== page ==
Power bills to go down from July 1

President Mahama exchanging greetings with the people

President Mahama exchanging greetings with the people

President John Mahama yesterday announced that the anomalies in the electricity billing system have been resolved, and that consumers should expect a reduction in bills from July 1.

According to President Mahama, remedial measures to resolve issues of overbilling have been implemented, and Ghanaians would start experiencing relief from July 1 when a new billing cycle would commence.

President Mahama made the announcement while addressing hundreds of residents and traders at the Madina market where he visited yesterday on resumption of his “Accounting to the People” tour of the Greater Accra Region.

Following a public outcry about recent anomalies in the electricity bills and over running prepaid meters that left consumers with astronomical charges, President Mahama set up an Inter-Agency Taskforce to investigate the situation and recommend remedial solutions.

The taskforce is said to have submitted its report and recommendations about two weeks ago, and according to the President, the Electricity Company of Ghana (ECG) was implementing a new billing cycle which would address concerns of overbilling.

“I have given them the opportunity to go ahead to implement the solutions they have come up with,” President Mahama told the gathering, and asked the citizenry to exercise patience.

“Because the electricity billing is done in monthly cycles, they have to start on the first of a month with the billing cycle. So I have asked Ghanaians to exercise patience, from  July 1 they would start the new billing cycle and I’m sure that a lot of us will see some relief in the electricity bills,” he added.

Aside the anomalies in the billing system, President Mahama further explained that the increasing cost of electricity was partly attributable to the low level of water in the hydro power dams, which has left the country with no option than to rely heavily on thermal energy production with its associated high cost of production.

“But we are praying that this year the rains would be good so that the dams would recover. As we put in cheaper hydro power we will adjust the tariff to reflect the cheaper power we are getting.”

“I therefore ask Ghanaians to exercise patience. Government is sensitive to what is going on and we would do our best to give them some relief,” President Mahama stressed.

On the provision of social amenities, President Mahama promised that the government would build a hospital, a senior high school and a modern market for Madina.

According to him, the development of Madina was a key priority area for the government, adding that the Madina Polyclinic expansion project would soon be completed as stated in his State of the Nation Address.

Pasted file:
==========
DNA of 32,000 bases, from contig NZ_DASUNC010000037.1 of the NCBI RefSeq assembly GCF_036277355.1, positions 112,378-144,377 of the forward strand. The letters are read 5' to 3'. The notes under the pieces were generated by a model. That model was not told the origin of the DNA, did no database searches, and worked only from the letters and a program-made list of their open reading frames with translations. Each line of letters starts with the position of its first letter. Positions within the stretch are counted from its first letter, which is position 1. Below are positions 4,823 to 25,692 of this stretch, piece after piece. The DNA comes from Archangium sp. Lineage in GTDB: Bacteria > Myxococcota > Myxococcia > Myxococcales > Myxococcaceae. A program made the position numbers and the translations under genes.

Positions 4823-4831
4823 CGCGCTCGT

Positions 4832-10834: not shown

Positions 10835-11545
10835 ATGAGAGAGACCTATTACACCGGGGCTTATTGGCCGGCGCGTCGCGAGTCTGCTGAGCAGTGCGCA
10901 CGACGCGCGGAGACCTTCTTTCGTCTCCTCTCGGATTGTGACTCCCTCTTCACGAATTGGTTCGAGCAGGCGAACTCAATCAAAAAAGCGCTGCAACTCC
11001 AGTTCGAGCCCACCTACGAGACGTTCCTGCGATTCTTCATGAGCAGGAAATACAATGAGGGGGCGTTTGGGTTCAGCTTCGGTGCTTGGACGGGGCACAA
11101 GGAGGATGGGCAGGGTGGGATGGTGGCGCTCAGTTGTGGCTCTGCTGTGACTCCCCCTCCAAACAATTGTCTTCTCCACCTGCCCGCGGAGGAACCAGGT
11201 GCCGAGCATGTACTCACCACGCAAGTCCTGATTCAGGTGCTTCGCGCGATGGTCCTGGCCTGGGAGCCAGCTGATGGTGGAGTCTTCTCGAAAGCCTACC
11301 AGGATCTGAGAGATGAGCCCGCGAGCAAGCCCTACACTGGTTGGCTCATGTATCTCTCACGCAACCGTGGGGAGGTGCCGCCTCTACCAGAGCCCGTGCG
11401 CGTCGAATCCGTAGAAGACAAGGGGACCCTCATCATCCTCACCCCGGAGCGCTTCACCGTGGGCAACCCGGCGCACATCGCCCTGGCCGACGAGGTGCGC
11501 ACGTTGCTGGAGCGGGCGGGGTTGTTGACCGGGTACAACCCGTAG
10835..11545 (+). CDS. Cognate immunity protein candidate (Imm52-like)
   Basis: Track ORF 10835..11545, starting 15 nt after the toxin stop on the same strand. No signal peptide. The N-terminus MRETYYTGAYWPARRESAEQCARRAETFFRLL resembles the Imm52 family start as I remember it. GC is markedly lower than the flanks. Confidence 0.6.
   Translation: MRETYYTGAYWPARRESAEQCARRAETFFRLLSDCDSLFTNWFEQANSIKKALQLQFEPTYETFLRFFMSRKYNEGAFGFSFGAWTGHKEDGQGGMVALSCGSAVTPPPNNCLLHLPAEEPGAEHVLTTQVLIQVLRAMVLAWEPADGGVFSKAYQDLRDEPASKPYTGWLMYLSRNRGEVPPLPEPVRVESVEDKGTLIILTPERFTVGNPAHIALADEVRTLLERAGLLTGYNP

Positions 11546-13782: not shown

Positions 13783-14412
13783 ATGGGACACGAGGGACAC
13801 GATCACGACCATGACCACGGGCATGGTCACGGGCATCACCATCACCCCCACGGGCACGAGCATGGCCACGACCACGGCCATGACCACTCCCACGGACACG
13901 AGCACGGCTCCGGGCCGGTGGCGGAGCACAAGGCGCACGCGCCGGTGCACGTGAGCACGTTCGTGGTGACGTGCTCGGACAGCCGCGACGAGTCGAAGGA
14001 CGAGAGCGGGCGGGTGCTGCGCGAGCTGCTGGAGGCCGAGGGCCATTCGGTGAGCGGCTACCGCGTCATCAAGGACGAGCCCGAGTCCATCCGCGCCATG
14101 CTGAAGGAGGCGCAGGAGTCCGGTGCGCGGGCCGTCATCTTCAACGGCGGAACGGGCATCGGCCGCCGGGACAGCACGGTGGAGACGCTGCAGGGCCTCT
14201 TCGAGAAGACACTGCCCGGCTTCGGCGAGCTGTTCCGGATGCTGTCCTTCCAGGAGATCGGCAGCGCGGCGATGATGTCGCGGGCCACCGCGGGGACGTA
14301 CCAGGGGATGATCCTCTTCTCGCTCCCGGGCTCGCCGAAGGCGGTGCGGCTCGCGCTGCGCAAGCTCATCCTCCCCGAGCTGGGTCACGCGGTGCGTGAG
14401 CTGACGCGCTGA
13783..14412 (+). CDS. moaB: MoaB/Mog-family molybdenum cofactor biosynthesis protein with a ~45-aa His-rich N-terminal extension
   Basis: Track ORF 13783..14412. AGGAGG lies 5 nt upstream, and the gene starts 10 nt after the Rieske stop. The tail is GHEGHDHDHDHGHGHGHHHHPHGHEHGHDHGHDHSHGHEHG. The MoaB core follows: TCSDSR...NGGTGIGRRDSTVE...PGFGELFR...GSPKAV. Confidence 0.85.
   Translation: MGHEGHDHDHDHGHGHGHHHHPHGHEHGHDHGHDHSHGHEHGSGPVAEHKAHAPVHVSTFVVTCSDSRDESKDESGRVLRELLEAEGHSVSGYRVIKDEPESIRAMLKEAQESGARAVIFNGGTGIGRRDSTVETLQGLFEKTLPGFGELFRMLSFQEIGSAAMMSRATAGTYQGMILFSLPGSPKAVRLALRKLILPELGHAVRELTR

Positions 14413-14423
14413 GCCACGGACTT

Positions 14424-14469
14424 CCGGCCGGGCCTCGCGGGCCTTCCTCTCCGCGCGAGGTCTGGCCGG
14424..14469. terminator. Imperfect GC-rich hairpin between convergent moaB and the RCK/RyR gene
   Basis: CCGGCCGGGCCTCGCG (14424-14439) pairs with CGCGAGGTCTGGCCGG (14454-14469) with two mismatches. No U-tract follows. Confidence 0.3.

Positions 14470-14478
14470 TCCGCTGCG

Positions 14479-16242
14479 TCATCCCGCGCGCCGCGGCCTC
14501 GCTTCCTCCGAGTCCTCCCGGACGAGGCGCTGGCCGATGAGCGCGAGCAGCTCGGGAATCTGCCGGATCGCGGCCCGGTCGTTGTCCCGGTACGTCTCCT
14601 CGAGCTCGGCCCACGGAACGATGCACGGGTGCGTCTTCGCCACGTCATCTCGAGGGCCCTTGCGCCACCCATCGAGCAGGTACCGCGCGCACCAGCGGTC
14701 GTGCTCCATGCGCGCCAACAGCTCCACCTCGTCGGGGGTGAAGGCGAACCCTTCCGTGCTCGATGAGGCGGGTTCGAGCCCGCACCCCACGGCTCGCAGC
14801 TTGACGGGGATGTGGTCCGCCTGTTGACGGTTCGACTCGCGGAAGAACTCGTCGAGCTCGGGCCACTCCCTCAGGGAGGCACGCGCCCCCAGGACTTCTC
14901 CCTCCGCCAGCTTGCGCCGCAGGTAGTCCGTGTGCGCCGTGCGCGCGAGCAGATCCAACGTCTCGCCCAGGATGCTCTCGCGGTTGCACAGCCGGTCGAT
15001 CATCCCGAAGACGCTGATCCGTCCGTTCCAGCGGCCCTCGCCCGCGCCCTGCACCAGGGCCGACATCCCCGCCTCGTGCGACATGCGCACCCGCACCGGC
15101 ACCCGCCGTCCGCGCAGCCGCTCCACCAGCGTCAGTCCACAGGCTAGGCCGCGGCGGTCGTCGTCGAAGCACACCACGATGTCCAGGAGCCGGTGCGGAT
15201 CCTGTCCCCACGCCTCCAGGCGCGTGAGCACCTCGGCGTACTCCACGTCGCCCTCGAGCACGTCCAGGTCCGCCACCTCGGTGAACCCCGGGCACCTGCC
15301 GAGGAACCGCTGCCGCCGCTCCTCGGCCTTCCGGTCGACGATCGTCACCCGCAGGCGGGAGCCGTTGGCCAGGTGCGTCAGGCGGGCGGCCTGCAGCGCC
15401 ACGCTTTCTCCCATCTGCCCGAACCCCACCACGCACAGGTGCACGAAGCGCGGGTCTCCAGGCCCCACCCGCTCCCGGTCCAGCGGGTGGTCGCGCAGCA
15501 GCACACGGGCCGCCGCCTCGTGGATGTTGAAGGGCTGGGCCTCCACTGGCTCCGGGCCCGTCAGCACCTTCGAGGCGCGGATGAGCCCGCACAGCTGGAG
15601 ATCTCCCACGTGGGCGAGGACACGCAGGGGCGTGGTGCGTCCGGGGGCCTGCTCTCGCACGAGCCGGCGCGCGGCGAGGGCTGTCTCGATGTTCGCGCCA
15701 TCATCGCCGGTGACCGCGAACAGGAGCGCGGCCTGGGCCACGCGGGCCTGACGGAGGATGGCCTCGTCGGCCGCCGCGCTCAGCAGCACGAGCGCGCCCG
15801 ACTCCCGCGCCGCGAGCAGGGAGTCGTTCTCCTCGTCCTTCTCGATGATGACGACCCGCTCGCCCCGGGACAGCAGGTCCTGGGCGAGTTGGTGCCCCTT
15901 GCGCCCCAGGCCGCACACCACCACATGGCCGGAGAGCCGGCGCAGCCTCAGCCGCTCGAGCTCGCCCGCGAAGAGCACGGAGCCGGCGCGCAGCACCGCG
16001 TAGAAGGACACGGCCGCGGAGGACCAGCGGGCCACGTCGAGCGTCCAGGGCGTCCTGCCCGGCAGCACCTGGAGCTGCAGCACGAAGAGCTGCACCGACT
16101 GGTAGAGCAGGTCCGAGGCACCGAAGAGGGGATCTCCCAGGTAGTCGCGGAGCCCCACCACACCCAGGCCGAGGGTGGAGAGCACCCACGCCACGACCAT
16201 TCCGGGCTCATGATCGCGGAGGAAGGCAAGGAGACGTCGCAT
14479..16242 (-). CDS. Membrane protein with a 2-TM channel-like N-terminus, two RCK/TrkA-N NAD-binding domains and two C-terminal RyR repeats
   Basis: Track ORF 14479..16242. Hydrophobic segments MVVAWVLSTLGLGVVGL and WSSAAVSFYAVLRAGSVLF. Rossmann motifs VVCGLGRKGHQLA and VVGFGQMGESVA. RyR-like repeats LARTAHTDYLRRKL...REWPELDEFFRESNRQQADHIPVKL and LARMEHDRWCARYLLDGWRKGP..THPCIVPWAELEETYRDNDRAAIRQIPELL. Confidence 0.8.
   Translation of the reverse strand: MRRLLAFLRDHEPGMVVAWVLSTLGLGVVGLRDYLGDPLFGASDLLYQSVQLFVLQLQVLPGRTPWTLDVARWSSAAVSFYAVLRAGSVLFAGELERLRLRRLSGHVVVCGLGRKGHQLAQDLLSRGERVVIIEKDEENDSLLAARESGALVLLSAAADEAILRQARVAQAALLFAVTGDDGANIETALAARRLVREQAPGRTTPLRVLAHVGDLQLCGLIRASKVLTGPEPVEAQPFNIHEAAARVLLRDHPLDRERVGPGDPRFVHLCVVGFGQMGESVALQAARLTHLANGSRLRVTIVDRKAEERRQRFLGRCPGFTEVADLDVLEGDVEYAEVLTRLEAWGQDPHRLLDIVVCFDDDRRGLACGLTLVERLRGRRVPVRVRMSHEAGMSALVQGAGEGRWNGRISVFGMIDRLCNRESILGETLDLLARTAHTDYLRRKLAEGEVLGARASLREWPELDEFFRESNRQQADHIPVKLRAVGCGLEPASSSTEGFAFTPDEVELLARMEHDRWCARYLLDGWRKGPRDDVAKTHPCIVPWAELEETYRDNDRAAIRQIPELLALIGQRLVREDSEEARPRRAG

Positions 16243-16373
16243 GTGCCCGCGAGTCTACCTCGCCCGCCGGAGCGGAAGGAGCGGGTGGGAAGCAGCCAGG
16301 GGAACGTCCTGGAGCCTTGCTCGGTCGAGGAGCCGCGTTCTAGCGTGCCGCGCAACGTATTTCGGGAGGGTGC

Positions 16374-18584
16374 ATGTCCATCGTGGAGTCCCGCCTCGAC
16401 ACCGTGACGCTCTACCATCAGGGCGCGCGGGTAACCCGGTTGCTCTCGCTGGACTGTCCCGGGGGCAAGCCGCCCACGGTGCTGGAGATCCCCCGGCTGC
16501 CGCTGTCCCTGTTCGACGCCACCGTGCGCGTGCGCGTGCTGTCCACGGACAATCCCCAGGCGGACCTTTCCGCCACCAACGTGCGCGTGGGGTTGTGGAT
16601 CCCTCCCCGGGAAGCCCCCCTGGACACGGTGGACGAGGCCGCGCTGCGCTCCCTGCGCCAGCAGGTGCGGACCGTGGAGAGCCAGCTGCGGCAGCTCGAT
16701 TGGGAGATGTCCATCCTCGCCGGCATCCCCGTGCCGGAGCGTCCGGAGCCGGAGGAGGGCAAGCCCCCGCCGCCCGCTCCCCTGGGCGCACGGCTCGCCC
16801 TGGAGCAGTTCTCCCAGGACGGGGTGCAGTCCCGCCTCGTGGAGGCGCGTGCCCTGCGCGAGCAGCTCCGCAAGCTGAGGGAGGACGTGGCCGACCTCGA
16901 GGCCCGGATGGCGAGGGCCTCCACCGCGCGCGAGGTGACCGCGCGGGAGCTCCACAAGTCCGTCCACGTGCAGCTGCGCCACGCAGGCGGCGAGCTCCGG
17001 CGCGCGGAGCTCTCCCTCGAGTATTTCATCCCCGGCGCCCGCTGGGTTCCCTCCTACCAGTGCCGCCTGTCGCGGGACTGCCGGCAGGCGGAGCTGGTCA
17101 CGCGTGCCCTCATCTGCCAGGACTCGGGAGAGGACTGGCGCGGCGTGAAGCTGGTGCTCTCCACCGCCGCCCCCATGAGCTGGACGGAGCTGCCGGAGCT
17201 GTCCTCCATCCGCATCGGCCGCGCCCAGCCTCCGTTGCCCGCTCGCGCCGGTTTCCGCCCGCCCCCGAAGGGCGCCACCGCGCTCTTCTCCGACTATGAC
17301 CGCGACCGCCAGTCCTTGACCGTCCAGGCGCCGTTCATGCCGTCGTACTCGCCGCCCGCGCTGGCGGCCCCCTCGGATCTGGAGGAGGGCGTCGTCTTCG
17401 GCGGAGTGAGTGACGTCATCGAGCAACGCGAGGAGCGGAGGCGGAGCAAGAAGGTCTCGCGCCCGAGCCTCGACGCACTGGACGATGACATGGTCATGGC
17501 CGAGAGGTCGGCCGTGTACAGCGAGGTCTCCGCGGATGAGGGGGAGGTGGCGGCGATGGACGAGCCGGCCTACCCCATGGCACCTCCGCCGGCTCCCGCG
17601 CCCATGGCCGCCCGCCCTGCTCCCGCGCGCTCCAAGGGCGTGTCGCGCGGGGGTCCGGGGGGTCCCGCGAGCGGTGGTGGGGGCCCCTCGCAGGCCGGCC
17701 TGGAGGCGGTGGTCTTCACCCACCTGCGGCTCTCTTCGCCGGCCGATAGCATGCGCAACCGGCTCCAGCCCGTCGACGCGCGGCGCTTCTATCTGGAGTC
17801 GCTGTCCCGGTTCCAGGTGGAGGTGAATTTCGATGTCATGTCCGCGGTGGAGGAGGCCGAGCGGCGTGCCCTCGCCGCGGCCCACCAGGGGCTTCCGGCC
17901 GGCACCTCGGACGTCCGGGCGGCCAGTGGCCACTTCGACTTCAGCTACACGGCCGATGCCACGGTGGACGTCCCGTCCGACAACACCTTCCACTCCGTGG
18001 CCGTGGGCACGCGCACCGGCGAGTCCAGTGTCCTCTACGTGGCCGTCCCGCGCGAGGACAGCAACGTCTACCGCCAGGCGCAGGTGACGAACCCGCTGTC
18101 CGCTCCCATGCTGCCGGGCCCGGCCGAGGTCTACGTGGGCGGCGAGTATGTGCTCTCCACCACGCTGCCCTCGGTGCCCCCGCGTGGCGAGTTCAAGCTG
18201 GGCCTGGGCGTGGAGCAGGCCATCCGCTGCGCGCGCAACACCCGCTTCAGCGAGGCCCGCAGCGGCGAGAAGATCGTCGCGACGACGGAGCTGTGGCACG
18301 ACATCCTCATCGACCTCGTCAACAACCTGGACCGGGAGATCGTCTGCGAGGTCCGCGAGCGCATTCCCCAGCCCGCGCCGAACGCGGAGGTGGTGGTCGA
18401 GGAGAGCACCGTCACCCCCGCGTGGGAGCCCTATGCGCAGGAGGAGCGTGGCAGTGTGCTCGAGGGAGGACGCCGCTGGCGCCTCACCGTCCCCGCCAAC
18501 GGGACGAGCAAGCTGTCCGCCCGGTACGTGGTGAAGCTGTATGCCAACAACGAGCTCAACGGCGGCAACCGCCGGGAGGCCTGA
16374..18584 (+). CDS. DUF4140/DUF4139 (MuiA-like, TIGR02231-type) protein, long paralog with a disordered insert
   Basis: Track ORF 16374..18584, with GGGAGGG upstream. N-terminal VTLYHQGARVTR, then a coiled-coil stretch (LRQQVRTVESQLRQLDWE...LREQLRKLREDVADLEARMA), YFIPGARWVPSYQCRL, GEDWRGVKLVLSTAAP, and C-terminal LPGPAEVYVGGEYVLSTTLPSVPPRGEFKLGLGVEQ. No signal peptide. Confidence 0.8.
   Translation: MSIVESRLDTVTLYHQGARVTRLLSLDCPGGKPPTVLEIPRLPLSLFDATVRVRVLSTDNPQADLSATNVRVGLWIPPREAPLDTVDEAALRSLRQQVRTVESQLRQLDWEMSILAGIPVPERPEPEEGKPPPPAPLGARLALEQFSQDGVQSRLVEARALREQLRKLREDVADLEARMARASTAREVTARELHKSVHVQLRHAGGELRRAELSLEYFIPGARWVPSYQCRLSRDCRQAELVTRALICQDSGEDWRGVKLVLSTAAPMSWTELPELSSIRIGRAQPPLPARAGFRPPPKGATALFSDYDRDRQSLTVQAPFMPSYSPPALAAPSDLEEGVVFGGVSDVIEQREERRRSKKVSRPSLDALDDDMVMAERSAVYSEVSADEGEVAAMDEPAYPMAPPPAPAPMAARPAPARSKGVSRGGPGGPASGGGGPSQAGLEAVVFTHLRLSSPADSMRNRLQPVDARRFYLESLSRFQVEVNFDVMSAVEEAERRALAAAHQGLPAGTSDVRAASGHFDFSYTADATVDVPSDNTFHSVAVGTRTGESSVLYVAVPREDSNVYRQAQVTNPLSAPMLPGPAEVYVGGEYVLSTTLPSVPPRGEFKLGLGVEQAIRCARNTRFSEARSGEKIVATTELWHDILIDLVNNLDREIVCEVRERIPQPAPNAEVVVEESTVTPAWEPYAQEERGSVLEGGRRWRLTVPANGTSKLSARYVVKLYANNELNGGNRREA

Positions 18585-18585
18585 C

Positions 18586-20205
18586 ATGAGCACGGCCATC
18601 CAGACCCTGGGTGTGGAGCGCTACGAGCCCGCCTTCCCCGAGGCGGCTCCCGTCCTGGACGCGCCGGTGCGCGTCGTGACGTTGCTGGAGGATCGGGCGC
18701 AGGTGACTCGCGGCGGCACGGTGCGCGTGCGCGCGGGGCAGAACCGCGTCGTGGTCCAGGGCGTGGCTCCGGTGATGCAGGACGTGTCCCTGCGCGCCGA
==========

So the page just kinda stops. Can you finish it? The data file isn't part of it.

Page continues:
In addition, he said a new and bigger hospital being built at Atomic would soon be completed to cater for the health needs of the growing population in that zone of Accra.

Also, he explained that the Madina roads would be asphalted soon, while a new market would be built under a Private Public Partnership agreement as was done in Ho, Cape Coast and Kumasi

With regard to education, he announced that a new senior high school would be built Danfa to cater for the education needs of the residents.

From Madina, he moved to Atomic where he inspected the progress of work on the New Atomic District Hospital, and also inspected the Bus Rapid Transit (BRT) Terminal in Ofankor, as well as called on the Amasaman Mantse.

He earlier made a brief stop at Nima where he interacted with Muslim leaders, residents and traders on pertinent development issues. He also inspected the Ridge Hospital project.

The President had to suspend his tour of the region following the sudden demise of his mother last week. The resumption of the tour comes after the burial of his mother which was done last Friday in accordance with Muslim traditions.

Meanwhile, scores of residents of Nungua, Teshie, La, all in Accra, hit the streets yesterday to protest against the high electricity tariffs.

Clad in red apparels, wielding placards and chanting ‘jama’ songs, the residents demanded immediate reduction in the electricity tariffs.

According to them, the level of tariff increase far exceeds the 59.2 per cent announced by the Public Utilities Regulatory Commission (PURC) some months ago.

Some inscriptions on the placards read “EGC eegbe wo”-to wit, ‘Electricity Company of Ghana is killing us’. Another read: “Beauticians and hairdressers are suffering”.

Some of the protesters said they have exhausted the necessary channels for a resolution of the problem, hence the demonstration.

The aggrieved residents marched to the office of the Municipal Chief Executive to petition the President, to order an immediate reduction in the tariffs, especially, for prepaid customers.

The petition was reportedly received by aides of the Municipal Chief Executive of Ledzokuku Krowor municipality (LEKMA), Mr Seth Badu Tawiah.

 By Edmund Mingle

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